Witness: 11-year-old partied with older guys
South Lake Tahoe police are still examining the circumstances around the death of a South Tahoe Middle School sixth-grader.
According to police reports, 11-year-old Claudia Torres was taken to Barton Memorial Hospital at around 1:30 a.m., March 27. After medical treatment failed, Torres was pronounced dead at 2:08 a.m.
Officers investigating “suspicious circumstances” at the hospital could not determine who the girl was and therefore had to authorize her medical treatment. Investigators later learned Torres’ name by talking with friends and family.
Statements made to the Tahoe Daily Tribune by people who knew Torres suggest that she died of a drug overdose while attending a gathering of approximately 15 people the evening of March 26.
A close friend of hers, Jane, who is having her name withheld due to her young age, said Claudia’s last day was a typical one for the middle school student. Her mother was at work, working double shifts to help support her children.
Later that evening, when the two girls decided to go to a party, Torres went to her father’s home to ask him for money. According to Jane, he gave Torres $20 and she and her friends headed to the party.
They had partied with the group before and had not seen them since they had moved to their new apartment at Heavenly Valley Apartments.
Once they arrived at the apartment, the host allegedly offered them a choice of appetizers and drinks – among the choices were powdered cocaine and beer, Jane said.
All the kids in the group declined the invitation with the exception of Claudia, Jane said.
A majority of those in attendance at the party were in their late teens or early 20s, Jane said.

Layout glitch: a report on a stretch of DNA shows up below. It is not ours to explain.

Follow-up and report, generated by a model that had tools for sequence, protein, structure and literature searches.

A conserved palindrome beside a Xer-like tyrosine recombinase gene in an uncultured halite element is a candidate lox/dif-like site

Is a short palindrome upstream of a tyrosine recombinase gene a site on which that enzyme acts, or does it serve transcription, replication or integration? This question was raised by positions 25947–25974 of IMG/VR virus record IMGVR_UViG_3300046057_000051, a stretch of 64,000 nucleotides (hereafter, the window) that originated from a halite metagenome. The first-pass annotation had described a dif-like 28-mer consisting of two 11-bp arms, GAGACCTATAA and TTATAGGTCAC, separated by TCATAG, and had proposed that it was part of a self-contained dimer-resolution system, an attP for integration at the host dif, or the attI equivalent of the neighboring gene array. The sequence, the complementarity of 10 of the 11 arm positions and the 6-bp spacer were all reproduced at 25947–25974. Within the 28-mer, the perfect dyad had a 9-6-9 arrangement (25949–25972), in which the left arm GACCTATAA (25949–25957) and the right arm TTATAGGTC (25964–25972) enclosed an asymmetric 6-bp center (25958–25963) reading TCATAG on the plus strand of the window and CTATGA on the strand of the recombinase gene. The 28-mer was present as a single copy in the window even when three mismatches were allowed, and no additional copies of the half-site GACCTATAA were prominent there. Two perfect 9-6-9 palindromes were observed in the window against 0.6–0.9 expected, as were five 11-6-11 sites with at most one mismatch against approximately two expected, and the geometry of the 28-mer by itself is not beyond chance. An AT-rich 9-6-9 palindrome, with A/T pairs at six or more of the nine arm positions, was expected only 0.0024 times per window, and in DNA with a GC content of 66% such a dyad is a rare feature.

Police are waiting for toxicology and autopsy reports before deciding whether to pursue charges. They have not determined whether any criminal activity was involved in the death.
“We’re not ruling it out,” Sgt. Tom Conner said. “There are a couple of people that were at the party that we are looking at. There could have been (criminal activity.) (The cause of death) is still an unknown. We don’t think it was a congenital problem.”
Conner said the autopsy report may not be available for weeks, though the toxicology reports may be back within days. Conner said the police are frustrated that the results of the post-mortem examinations take so long to be returned.
“They can test the blood relatively fast, but some of that stuff has to get sent back to the Midwest (for processing),” Conner said. “We are looking at a six-week turn around. This is unacceptable, and it is one of those things that we have been fighting. I am not really happy with them. They do a good job but it just takes them forever.”
While police are uncertain whether charges will be filed, Conner said the speed at which the post-mortem examination results are available could play a role in arresting anyone who may be responsible.
“In a case like this, six weeks down the road, whoever may be responsible may have gotten a little antsy and gone to Canada or Mexico or wherever,” Conner said.
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